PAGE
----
A study of new methods and techniques for ultrasonic attenuation estimation
Zenteno Valdiviezo, Omar Jonathan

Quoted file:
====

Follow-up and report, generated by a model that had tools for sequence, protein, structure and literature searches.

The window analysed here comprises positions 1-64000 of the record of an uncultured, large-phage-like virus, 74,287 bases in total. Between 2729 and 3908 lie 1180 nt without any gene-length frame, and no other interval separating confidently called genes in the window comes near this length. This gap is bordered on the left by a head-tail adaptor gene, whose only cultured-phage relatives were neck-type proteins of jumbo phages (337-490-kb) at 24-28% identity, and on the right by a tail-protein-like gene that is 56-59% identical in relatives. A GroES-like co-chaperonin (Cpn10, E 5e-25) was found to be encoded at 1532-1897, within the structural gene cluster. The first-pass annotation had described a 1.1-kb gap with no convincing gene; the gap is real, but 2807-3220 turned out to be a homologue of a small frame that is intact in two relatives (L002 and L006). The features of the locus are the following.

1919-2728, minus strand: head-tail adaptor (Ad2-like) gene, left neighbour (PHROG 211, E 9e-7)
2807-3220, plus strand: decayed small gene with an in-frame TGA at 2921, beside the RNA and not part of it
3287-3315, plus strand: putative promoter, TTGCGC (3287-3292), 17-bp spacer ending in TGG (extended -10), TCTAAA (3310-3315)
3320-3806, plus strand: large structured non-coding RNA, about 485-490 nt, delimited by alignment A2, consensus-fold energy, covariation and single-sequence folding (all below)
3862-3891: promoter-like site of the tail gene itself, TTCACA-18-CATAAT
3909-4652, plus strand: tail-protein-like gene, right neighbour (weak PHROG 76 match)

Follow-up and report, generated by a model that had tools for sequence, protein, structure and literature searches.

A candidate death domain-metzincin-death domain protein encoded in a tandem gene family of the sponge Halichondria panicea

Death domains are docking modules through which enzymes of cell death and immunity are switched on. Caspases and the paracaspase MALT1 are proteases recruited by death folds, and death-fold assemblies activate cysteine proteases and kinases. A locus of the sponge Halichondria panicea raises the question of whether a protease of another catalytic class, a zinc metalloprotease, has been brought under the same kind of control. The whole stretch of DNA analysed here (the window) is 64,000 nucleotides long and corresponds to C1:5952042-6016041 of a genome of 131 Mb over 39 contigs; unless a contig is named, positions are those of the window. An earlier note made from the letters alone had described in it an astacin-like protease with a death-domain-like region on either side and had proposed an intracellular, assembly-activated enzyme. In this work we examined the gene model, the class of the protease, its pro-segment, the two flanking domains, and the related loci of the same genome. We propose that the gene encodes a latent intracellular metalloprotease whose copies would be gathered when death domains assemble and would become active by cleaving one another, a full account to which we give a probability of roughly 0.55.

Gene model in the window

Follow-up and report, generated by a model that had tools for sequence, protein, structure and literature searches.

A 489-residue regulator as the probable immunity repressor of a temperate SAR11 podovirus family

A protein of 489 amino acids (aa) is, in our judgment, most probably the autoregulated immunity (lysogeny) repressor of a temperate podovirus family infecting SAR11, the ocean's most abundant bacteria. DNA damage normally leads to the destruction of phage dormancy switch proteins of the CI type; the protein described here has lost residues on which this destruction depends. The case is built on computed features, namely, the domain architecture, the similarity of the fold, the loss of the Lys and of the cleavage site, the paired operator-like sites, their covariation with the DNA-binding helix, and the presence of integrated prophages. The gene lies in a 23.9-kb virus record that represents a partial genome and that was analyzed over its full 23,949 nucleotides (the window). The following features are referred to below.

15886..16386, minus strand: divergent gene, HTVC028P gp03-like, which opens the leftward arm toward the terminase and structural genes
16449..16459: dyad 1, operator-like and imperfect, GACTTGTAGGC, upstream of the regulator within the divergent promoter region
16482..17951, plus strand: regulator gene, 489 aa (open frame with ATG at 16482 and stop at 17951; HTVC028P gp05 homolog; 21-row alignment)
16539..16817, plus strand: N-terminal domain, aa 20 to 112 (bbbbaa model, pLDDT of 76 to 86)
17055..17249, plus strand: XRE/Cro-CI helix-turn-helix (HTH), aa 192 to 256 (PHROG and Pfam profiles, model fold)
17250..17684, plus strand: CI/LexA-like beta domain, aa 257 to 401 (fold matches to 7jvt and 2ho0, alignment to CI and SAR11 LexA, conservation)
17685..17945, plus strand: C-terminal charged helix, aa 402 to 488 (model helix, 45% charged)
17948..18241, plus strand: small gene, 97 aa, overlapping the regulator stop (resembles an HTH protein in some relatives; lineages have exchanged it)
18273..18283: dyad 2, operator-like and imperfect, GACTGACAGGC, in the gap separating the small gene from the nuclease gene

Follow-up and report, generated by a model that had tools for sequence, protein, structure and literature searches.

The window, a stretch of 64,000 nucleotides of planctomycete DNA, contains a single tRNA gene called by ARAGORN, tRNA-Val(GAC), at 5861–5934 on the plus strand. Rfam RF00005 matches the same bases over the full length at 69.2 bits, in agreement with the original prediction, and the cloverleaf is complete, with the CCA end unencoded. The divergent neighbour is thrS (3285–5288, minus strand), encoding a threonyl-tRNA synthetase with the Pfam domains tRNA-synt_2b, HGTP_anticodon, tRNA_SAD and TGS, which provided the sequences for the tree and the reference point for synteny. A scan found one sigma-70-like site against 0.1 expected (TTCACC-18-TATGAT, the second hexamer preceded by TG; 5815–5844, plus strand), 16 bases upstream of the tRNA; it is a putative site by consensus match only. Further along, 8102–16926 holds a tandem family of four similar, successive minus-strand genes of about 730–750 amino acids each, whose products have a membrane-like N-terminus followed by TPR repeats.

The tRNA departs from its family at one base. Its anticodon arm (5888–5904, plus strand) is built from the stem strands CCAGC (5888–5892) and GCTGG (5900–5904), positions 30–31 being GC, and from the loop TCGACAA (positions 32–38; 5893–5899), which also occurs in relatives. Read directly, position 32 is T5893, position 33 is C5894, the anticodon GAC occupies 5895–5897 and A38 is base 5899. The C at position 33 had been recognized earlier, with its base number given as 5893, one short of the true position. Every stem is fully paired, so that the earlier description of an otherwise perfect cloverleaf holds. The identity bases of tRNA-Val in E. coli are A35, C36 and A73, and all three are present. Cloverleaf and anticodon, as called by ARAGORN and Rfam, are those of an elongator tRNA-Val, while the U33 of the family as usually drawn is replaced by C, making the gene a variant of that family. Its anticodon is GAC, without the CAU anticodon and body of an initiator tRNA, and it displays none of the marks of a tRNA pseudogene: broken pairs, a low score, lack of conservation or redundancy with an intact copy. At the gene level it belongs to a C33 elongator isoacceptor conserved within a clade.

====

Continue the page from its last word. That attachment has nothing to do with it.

The pathological states of biological tissue are often related in attenuation changes of itself. Thus, information about attenuating properties of tissue is valuable for the physician and could be useful in ultrasonic diagnosis. However, accurate characterization of tissue pathologies using ultrasonic attenuation is strongly dependent on the accuracy of the algorithm that is used to obtain the attenuation coefficient estimates. In the present document, we derive a new attenuation estimation method which uses the analytical backscatter coefficient (BSC) diffraction compensation function for single-element transducers proposed by Chen et al. and compare it to a reference phantom attenuation estimation method. The accuracy of the two methods was evaluated. The results showed that an accurate attenuation coefficient mean value can be estimated by the two methods presenting a low mean percentile error (MPE<6%). However, the coefficient of variation of the estimates remains higher than the desired values (CV>62%). Moreover, to remove the inherent size of the ROI’s limitation due to the high variability of the estimator, the use of full angular spatial compounding was extended to the estimation of attenuation coefficients and its performance was experimentally evaluated using two physical phantoms. The results suggest that the variance and field of view of attenuation imaging can be significantly improved without sacrificing estimation accuracy. Based on these observations, the analytic diffraction compensation method was applied in an animal model to estimate the mean attenuation value of thyroids lobes. To reduce variability on the estimates, a three neighboring layer spatial compounding approach was applied. The results suggest the mean attenuation value can potentially discriminate a particular pathology on thyroid from malignant and normal tissues. The final conclusions lead to remark the potential of parametric imaging of tissue attenuation by the analytic diffraction compensation method in conjunction with spatial compounding as a useful tool for medical detection and diagnostic.
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